School districts and snow zones

February 25, 1994

School closings and delays over the past two months of Arctic weather have played havoc with academic and home schedules, driving parents, students and teachers alike to the point of desperation. And every time classes are canceled or start late, some people complain that the weather's really not that bad where they live.

In Harford County, Maryland's leader in the weather-shortened school calendar this season, the Harford PTA Council sees a possible solution in adjacent Baltimore County.

Schools in Baltimore County's northern Hereford zone, which is hardest hit by winter conditions, may close or open late without affecting decisions for the rest of the county's schools. Draw a similar "snow zone" boundary in Harford, and let most children get to school in bad weather, even if the north is impassable, some parents argue.

It's a persuasive argument, one that Harford authorities have often heard and rejected.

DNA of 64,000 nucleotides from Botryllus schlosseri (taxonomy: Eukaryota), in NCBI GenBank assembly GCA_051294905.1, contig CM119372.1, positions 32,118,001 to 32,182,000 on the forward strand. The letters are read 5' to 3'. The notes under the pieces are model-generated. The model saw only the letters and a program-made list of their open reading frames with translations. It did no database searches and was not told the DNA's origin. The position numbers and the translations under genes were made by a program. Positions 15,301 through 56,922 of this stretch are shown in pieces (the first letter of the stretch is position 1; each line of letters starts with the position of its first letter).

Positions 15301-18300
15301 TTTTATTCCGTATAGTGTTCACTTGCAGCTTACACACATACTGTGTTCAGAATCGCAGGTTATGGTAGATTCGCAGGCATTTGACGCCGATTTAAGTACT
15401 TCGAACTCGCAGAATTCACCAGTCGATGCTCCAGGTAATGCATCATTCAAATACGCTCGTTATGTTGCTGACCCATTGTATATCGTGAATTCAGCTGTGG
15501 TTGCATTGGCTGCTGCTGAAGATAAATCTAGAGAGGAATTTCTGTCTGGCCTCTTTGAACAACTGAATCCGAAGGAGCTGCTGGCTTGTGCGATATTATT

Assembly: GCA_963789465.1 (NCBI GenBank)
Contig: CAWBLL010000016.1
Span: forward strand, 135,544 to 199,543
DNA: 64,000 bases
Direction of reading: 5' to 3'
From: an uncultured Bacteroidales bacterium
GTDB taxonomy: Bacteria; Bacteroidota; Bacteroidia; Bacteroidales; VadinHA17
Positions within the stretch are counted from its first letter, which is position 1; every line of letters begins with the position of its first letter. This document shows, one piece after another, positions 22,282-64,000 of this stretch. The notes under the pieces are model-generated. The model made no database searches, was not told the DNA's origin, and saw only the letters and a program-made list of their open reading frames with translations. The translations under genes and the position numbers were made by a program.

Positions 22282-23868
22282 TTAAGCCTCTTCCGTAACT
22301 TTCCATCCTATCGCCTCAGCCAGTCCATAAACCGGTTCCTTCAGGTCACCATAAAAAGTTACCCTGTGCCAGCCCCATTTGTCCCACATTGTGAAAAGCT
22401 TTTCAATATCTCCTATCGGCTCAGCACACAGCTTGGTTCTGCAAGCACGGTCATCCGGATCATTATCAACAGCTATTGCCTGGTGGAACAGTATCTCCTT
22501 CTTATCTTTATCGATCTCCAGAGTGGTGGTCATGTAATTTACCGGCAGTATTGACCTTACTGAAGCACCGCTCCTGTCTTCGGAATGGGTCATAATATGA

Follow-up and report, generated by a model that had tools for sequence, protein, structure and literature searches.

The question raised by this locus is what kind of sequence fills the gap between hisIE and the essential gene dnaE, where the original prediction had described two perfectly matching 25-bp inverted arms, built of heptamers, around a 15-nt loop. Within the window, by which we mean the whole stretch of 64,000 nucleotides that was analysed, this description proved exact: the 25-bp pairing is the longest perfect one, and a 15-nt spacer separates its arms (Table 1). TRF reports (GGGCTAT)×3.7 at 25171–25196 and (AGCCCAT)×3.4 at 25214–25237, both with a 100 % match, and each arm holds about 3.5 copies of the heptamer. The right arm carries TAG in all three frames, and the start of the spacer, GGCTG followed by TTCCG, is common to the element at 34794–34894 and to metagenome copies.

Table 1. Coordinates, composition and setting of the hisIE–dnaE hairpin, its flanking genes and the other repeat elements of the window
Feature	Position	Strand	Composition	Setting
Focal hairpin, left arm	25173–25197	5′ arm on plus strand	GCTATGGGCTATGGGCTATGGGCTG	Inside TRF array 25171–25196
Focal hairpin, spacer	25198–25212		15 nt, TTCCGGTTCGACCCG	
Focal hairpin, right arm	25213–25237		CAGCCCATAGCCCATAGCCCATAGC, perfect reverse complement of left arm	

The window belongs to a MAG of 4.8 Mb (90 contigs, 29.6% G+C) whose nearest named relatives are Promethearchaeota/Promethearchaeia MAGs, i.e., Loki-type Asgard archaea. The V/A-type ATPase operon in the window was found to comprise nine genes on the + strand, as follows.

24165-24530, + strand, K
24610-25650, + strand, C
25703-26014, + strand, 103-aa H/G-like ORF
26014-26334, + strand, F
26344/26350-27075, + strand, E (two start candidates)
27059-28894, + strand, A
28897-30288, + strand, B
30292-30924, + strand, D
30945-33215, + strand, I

Hereford is a geographically integrated school system, a small population area with elementary and middle schools feeding a single high school. But that's not the situation in Harford. The weather pockets don't fit so neatly around attendance areas. Pupils living in the southern part of the county may attend school in the north, and vice versa. Some schools could be open with most of their students at home. Plus, much of Harford is located in the same latitude as the Hereford zone, sharing the same harsher conditions.

Harford officials say that's why a northern snow zone just won't work. We are inclined to agree with them, under current conditions.

We are less convinced, however, of their arguments that icy roads afflict all of the county and that all kids should have the same days of schooling. (Ask Fallston Middle and morning kindergarten pupils about their abbreviated school calendar this year.) And we wonder why Cecil County, at the same latitude, keeps schools open more often.

What this winter should emphasize to Harford school officials is that attendance areas and school feeder systems have become too distended, with frequent reshuffling and redistricting, and new schools that are crowded the day they open. The result is a hodge-podge of ever-changing school districts that justify the "no snow zone" verdict.

More coherent, stable school feeder districts would re-establish community-based schools. That could make it more feasible for Harford to create a special bad-weather zone in the future.

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